Driving for Uber in Manitoba would be illegal, province says

The Province of Manitoba delivered a significant blow to Uber's expansion plans in Winnipeg late Thursday afternoon.

Province of Manitoba officials say Uber drivers would have to register for taxi licenses

Driving for Uber in Manitoba would be illegal, province says

8 years ago
Duration 1:52
The Province of Manitoba delivered a significant blow to Uber's expansion plans in Winnipeg late Thursday afternoon.

The Province of Manitoba delivered a significant blow to Uber's expansion plans in Winnipeg late Thursday afternoon.

Drew Caldwell, Manitoba's Minister of Municipal Government, said anyone driving for the taxi-alternative service would be doing so illegally. 

The taxi-alternative service works similar to a ride share program.

It enlists drivers with their own cars and insurance and uses an app to book rides and pay fares in unlicensed "taxis." It’s already in a number of Canadian cities including Vancouver and Toronto but has yet to expand to Manitoba.

Uber officials have already met with Fred Meier, Manitoba’s deputy minister for municipal government, and are scheduled to meet with him again next week. 

However Thursday afternoon, Caldwell issued a statement confirming anyone who opted to drive for Uber would be doing so illegally.

In a statement, Caldwell said, "Under current rules, any driver who wants to work for Uber would need to obtain a taxicab license through the Taxicab Board and would have to conform to all applicable liability and safety provisions."

The statement continued, "Anyone found driving as a fee for service without a taxi driver’s license will be subject to penalties as prescribed in the Taxicab Act.”

Uber has already advertised the need for drivers in Winnipeg and hosted a recruitment event in the city.

Officials with Uber said they received an “overwhelming response” from people looking to partner with Uber in Winnipeg but would not confirm if they do plan on launching the service here.

Winnipeg could be closer to getting access to Uber, a ride-share, taxi-alternative that uses unlicensed "taxis" and an app to co-ordinate fares and drivers. (Kai Pfaffenbach/Reuters)
Manitoba’s Taxicab Act says no person can operate a taxicab without a license, and anyone who does is guilty of an offence and could face fines of up to $500 for a first offence and $1,000 for additional offences.

If fees are not paid, the province could cancel the driver’s license or car registration under the act. More extreme penalties could result in a ban on registering vehicles in Manitoba for up to two years after the offence.

Prior to the statement, Uber said they were optimistic "Winnipeg legislators will see the benefits of Uber and embrace it."

They added, "Collaboration will ultimately lead to the best results for riders and drivers in the cities where we operate or will operate."

The statement also called ridesharing "the way of the future."

Uber officials said they were working on a response to Caldwell's statement late Thursday.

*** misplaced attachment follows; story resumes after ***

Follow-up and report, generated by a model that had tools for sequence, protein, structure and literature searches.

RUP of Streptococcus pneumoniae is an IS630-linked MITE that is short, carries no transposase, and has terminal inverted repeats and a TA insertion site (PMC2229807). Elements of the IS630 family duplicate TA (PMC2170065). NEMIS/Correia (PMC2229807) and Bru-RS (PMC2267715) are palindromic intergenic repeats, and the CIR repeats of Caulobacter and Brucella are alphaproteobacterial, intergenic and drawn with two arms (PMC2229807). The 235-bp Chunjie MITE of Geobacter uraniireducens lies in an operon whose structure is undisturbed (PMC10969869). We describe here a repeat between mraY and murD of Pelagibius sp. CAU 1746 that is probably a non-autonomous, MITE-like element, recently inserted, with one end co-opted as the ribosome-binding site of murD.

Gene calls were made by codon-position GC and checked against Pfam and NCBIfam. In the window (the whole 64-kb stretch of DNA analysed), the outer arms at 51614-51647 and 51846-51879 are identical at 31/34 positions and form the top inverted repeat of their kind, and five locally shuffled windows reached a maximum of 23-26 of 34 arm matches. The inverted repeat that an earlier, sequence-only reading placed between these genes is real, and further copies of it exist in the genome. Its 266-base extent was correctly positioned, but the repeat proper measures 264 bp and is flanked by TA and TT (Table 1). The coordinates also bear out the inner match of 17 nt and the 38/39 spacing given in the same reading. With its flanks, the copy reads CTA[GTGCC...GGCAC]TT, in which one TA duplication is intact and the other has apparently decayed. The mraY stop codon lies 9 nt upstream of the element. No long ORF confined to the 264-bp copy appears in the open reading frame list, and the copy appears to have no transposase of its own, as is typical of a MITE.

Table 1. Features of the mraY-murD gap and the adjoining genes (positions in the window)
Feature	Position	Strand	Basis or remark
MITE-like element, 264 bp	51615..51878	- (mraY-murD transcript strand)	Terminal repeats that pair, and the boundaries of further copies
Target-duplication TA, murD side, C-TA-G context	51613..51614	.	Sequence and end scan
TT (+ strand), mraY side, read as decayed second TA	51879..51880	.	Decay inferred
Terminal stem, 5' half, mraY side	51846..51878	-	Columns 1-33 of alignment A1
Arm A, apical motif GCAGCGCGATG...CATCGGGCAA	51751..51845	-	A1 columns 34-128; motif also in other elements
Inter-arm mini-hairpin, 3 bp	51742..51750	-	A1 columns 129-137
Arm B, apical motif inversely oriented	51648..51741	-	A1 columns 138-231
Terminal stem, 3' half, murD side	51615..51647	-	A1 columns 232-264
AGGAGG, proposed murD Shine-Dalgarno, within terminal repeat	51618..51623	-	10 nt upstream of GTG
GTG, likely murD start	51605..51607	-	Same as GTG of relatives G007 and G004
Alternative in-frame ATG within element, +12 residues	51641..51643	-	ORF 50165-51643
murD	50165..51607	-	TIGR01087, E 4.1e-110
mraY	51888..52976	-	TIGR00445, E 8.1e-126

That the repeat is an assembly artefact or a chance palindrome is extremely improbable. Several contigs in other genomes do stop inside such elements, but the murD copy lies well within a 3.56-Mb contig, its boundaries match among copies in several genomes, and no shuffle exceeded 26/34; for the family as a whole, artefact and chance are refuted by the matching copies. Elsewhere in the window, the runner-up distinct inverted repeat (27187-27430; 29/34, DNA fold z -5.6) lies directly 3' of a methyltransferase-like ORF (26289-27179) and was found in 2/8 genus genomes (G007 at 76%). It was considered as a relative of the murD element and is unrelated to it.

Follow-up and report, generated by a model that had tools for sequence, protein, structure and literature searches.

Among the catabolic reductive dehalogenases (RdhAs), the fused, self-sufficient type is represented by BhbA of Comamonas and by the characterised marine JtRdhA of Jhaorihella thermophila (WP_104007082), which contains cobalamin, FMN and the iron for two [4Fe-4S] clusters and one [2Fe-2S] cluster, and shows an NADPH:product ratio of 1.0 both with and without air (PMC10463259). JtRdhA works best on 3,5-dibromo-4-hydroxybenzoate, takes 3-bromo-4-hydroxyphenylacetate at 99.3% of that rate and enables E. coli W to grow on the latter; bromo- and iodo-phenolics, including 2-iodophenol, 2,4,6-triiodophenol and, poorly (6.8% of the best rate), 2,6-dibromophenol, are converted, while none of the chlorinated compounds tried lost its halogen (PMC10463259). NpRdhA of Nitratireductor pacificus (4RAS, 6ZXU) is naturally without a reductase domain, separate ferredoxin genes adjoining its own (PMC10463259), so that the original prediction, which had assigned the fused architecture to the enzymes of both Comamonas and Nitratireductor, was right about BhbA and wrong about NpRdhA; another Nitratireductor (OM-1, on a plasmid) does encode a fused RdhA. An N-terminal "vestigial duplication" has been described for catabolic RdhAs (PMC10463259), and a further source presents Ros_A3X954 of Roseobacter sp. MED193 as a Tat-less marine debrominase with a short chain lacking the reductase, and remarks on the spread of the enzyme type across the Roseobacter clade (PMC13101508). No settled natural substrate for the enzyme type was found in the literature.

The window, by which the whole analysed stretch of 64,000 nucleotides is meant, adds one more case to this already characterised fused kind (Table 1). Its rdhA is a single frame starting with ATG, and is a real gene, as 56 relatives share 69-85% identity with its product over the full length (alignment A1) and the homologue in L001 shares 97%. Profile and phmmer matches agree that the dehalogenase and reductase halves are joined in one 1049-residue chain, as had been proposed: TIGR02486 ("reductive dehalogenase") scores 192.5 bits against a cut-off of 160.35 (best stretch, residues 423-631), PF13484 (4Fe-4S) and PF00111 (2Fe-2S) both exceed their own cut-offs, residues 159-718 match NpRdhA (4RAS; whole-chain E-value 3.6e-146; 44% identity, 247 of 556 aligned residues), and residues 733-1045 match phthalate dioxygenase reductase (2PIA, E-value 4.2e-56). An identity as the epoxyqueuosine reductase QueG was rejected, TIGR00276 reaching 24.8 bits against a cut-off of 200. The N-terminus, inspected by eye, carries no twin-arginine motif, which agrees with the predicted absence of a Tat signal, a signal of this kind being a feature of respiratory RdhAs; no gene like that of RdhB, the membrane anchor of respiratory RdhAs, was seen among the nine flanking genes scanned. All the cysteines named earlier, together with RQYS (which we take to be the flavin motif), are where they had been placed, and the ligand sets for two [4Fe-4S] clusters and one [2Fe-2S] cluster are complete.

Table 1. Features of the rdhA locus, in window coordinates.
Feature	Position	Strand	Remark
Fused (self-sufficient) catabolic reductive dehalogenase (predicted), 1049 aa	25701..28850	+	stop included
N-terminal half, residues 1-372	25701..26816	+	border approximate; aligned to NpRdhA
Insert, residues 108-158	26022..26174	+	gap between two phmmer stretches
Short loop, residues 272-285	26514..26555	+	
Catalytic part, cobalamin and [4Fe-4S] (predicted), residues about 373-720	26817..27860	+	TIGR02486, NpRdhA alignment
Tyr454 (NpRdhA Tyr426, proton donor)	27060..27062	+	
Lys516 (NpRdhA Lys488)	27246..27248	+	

Cab operaters worried, Unicity president says

Unicity Taxi president Gurmail Mangat says the city’s taxi industry is extremely concerned about Uber's advertising and driver recruitment events in Winnipeg.

“The whole industry is very worried about that,” he said. “We’re concerned there’s not much business in the city and naturally it will affect our living.”

Uber’s arrival in other Canadian cities has been contentious.
Unicity Taxi president Gurmail Mangat says the city's cab industry is extremely worried about the arrival of Uber, and plans to lobby the government to stop the ride-share program from setting up shop here. ((CBC))

number of Canadian cities, including Calgary, have moved to ban the service, while Toronto’s licensing department launched a court injunction to stop the ride-sharing service last month.

Mangat said the industry plans to fight Uber’s arrival in Winnipeg.

“We’re prepared to lobby to the government. Without government help, we won’t succeed,” he said, pointing to Toronto, Ottawa and Calgary’s ongoing battles with Uber. “There’s so many concerns we want to bring to the government’s attention.”

Mangat said in addition to drivers’ bottom lines, there’s also a concern about public safety.

“We are concerned with the public as well,” he said. “The safety of the public is not granted in those cars. They are not inspected or regulated by government as the taxis are. We inspect our cars twice a year with the taxi board … a lot of things are done.”

But as far as Canada’s Competition Bureau goes – Uber is a good thing. The bureau issued a statement of support for the company and other similar services in late November, saying digital dispatch services like Uber could introduce lower prices and more convenience to the taxi industry – which would improve service.

Recently, Duffy’s Taxi quietly launched an iPhone app that allows users to book cabs, and Unicity Taxi has a similar app in the works for early 2015.

“[Our] cabs are safe … they’re properly maintained, regulated by government. We are part of this city. We’d like to stay here,” said Mangat. 

How do Winnipeg's cab numbers stack up?

According to a 2013 report from the Conference Board of Canada, Winnipeg has the second-lowest number of taxis per capita compared to other large Canadian cities. Only Vancouver has fewer.

For every 10,000 people, Winnipeg has about six taxis. That's fewer than half of what Calgary, Edmonton and Montreal have.

Ottawa, Toronto, Saskatoon, Windsor and Regina also beat out Winnipeg in terms of number of cabs per capita. 

This chart, built on data from the Conference Board of Canada, shows Winnipeg has the second lowest number of cabs per person compared to other major Canadian cities. Only Vancouver is behind.


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